And Still We Rise: The Story of St. John 4-B Missionary Baptist Church

By Timmie Gibson

St. John 4-B Missionary Baptist Church has always been a phenomenon to the people and its community. It was an integral and central place not only to adore but also to fraternize. Life in the 1940s was a little tough, but one of the deacons in the church, Fred Conyers, was lucky enough to get a 1940s van. Deacon Conyers drove around the neighborhood and the community to collect all the members and all those who wanted to go to church but did not have a driver. In general, church services were held about twice a month due to travel and economic conditions. The Church Sexton arrived at the church early to light the fire in the woodstove and ensured there was enough wood to last throughout the service to keep church members warm. The death of a parishioner is announced by the ringing of the church bell. The church bell rang for several minutes to alert the community that someone in the church had died.

Trinity Missionary Baptist Church was a sister church and Mount Zion AME and other nearby community churches have always remained in fellowship with 4-B. Spring and fall revivals were held to rejuvenate people’s energy and faith. The church had its own natural water fountain as a spring naturally sprang from the earth behind the church. Annual picnics were held every year and the food consisted of barbecue pig, homemade churned ice cream, flavored snow cones, homemade cakes and pies such as pound cake, strawberry cake, lemon cake, potato pies sweet and coconut, and too many others to mention. . The Morrisville Brass Band was always a staple at picnics. Children as well as adults shouted (danced) to the cheerful music featuring the sound of the big band. Brother Frank Footman was the spirit of the picnic with his jubilant dance and he was Santa Claus for our Christmas cantatas program each year. The church also sponsored an annual bus trip to Atlantic Beach, SC.

The church has always maintained a closeness and unity that extended beyond the walls of Church 4-B. I can say that our community village has certainly helped raise all of our children in the neighborhood. There were several community advisors: Mark (barbecue master) and Rena Moore, Isaac and Cora Montgomery, Blease and Marie Canty (sugar can, syrup and ear piercing specialist), Simon and Cleasie Mae Canty, Seal and Ida Mae York, Alex and Maggie Keels, and Samuel and Lelia Mae Conyers Gibson who were community and political advocates and farmers who donated property for a community baseball and softball team. The community baseball and softball teams were the Greeleyville Pioneers and the Lady Pioneers. The Gibsons built a snack bar for social gatherings, but it was later converted into a site for the community’s free lunch program. The Gibsons also donated land for a small, still viable park in their community, called Gibson Community Park.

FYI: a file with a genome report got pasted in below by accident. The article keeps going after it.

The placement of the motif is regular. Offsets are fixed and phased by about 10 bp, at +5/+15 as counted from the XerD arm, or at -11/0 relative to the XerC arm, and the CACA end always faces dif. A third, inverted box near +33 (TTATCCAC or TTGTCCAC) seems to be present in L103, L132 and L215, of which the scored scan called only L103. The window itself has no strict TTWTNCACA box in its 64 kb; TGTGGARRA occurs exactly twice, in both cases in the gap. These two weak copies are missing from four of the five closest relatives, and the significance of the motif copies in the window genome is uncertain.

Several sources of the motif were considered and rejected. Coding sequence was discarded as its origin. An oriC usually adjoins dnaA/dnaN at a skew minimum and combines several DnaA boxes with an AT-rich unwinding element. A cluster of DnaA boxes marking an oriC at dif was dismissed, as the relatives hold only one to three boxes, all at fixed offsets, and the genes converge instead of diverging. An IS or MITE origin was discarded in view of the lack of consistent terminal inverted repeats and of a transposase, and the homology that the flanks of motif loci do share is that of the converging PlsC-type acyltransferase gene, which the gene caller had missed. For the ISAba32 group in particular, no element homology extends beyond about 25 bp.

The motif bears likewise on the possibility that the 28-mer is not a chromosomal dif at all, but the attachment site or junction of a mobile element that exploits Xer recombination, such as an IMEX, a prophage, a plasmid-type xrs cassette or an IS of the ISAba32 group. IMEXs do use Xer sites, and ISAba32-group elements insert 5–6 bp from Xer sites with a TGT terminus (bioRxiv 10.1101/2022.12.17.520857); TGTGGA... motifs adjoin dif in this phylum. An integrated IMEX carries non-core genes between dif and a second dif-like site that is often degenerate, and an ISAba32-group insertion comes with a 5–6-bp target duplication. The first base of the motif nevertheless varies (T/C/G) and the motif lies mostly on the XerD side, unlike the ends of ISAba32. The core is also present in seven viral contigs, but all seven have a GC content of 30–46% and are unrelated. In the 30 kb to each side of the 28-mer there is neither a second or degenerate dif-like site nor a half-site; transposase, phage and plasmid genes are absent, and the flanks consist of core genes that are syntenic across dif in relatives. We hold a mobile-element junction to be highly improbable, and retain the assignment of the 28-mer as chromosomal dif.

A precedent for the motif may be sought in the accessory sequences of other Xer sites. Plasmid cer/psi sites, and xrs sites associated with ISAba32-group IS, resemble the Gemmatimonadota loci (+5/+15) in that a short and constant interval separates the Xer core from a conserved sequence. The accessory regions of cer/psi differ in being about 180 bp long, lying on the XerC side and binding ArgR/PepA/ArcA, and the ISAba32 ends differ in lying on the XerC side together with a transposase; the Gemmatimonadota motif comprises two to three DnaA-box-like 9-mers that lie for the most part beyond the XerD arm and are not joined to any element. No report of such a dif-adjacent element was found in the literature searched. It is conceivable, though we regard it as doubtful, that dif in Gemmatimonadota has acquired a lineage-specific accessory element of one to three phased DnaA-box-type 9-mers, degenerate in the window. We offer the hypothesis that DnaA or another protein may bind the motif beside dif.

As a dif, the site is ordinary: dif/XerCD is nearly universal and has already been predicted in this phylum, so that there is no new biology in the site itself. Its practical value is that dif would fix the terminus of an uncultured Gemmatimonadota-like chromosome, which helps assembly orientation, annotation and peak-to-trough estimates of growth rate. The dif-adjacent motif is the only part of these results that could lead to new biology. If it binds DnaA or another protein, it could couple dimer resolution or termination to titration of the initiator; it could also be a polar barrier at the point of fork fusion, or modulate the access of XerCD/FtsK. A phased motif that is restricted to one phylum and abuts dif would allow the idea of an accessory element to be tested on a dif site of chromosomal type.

Farming, gardening, hunting and fishing were the ways of life. The community has a system of love, care, free will, and barter with each family in the community. Almost all of the food was organic and canned for the different seasons of the year. Garden exchanges and hunting and fishing catches were distributed free of charge to different households. Small Town Greeleyville Store Credit: Earl Farmer Grocery, H. Fox Department Store, Fred Joseph Department Store, Joseph Five and Dime, Mishoe Feed Mill, Wilder Furniture, Allen Furniture, Gene Mason Service Station, Albert Ard Gas and Convenience Store and Jacob Tisdale Barber Shop catered to every neighborhood household need.

God sent Reverend Tyrone York, Sr. to be Chief Servant of St. John 4-B in 2016. God blessed the church with a beautiful First Lady, Sister Vanessa York, and her first son, Tyrone York, Jr. In addition to our First Family, membership has increased by approximately 20 members, including Deacon Arnold Gamble who is God sent and fulfills triplex roles as he also serves as a Sunday School assistant and Bible study teacher. Under Reverend York’s leadership, the church expanded its ministries and services, including:

1) The church now has services every Sunday (instead of twice a month)

2) The church has hired a full-time musician, Debra McBride

3) The church has hired two Sextons, Sister Margaret York and Sister Luretha Montgomery

4) The church adopted Casual Sunday on the second Sunday of each month

5) Vacation Bible School is the second week of June

6) Law Enforcement Day is the first Saturday in June

7) The Church Community BBQ takes place on the first Saturday in April

8) Awards Day is the third Saturday in April

9) The church has first aid and intruder training

10) The church also periodically hosts fellowship outings to various restaurants in South Carolina.

The church administration building is named after Pastor Tyrone York, Sr., Thelma York and her late mother, Sister Allean York. The Rodgers House is named after the late sister Thelma Rodgers and her family. The Robinson and Keels Fellowship Hall was named after the late Deacon Pearl Robinson, Sr. and his wife Leah and family and Margaret Keels. The parking lot is named after Trustee Frankie Childers. The church driveway, Green Lane, is named after Dora and Lee Green. The Gibson Learning Center was named in honor of Deaconess Leila Mae Conyers Gibson and Deacon Samuel Gibson.

It was a labor of love to provide the second part of our story for St. John 4-B Missionary Baptist Church. By the grace of Christ our Lord and Savior, St. John 4-B Missionary Baptist Church has stood the test of time. As children of God, we must redeem our time and embrace it by inspiring others to show love, introspection, and communal unity at all times. Special thanks to Rev. Tyrone York, Sr., Deacon Kelly Robinson, Deacon Arnold Gamble, Trustee Frankie Childers, and Sister Timmie Gibson.



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Edward L. Robinett